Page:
The reality of trans pathologization in Russia
By Yana Kirey-Sitnikova
Note: The article contains descriptions of violence and involuntary medical treatment.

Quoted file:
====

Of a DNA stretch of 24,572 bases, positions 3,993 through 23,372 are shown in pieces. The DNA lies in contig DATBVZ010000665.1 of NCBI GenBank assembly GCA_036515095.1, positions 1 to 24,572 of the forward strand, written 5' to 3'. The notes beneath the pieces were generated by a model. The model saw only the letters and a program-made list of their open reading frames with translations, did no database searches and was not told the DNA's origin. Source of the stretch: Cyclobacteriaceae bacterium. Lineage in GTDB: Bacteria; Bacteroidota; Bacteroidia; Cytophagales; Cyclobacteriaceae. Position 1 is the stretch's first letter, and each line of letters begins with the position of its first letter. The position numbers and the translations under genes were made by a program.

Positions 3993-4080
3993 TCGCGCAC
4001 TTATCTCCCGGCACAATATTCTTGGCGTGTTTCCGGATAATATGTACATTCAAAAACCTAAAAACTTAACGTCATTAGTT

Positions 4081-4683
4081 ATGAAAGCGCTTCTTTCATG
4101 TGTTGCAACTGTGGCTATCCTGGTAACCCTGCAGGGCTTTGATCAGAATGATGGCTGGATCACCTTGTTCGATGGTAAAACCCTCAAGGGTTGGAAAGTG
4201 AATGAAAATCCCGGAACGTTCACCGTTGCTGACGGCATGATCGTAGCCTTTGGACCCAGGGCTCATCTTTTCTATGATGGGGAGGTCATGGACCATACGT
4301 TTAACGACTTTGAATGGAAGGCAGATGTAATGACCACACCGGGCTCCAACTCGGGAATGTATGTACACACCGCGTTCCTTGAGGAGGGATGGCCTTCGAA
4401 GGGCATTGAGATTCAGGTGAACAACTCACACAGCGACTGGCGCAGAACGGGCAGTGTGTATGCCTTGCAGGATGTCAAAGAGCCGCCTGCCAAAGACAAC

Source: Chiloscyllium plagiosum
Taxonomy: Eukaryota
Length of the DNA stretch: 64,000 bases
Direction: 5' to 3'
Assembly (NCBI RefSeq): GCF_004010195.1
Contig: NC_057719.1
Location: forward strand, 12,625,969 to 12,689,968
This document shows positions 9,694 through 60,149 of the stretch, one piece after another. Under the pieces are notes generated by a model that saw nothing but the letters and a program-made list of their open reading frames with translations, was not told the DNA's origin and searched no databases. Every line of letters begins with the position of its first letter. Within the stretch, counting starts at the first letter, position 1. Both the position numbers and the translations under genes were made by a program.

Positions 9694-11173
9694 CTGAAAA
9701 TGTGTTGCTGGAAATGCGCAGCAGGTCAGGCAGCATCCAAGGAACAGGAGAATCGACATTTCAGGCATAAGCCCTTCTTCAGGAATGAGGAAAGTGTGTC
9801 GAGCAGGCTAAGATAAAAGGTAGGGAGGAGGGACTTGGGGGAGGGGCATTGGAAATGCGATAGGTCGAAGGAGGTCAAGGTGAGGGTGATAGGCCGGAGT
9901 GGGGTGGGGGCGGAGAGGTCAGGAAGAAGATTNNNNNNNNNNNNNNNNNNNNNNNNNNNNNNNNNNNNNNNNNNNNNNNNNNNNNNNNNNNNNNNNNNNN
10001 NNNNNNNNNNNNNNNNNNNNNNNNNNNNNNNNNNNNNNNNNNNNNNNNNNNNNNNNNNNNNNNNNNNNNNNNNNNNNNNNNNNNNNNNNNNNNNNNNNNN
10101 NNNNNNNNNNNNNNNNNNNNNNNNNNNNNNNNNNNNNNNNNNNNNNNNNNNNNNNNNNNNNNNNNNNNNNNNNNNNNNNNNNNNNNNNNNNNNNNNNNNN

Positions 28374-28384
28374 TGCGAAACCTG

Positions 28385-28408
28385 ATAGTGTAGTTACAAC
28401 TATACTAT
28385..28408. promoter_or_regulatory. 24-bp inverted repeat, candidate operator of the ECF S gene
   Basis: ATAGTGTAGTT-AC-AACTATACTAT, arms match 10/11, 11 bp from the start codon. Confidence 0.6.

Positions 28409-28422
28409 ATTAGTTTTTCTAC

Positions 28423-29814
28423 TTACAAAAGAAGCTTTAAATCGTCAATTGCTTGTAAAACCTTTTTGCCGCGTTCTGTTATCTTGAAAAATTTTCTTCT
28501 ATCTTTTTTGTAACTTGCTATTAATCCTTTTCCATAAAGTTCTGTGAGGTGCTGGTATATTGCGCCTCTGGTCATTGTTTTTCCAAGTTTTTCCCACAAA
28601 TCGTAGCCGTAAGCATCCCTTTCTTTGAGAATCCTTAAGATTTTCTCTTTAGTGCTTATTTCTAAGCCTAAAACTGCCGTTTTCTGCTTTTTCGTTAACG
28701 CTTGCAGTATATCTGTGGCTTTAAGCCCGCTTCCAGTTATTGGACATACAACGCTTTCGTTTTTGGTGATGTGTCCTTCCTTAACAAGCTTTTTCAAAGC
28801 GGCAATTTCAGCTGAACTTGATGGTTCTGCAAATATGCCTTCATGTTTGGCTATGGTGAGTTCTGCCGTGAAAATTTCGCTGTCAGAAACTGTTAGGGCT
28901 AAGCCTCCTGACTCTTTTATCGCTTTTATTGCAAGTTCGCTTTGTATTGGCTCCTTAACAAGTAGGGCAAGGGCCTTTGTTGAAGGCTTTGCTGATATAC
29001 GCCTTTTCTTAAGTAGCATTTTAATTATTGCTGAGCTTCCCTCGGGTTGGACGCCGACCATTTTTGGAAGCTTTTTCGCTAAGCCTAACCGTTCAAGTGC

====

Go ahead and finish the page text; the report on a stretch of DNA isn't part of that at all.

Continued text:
Psychiatric treatment of transgender people has recently received attention in media and medical literature in response to strong international campaigns for depathologization, organized by transgender activists. The debates grew even stronger surrounding the drafting of the 5th version of Diagnostic and Statistical Manual of Mental Disorders (DSM-5), which resulted in the replacement of “Gender Identity Disorder” with arguably less stigmatizing “Gender Dysphoria”, as well as current drafting of the 11th version of International Classification of Diseases (ICD-11). Psychiatrization of gender variability has been criticized as nothing more than social control, on the basis of the poor validity of diagnostic criteria, cross-cultural evidence, etc. Focusing on global theoretical issues, the analysis of many authors uncritically examines the impact of the diagnosis on the lives of transgender people; in particular, the legal and political contexts, especially in countries outside the USA and Europe. While social stigmatization associated with the pathologization of trans expression is central in these debates, the experience of transgender people in psychiatric institutions is less often discussed.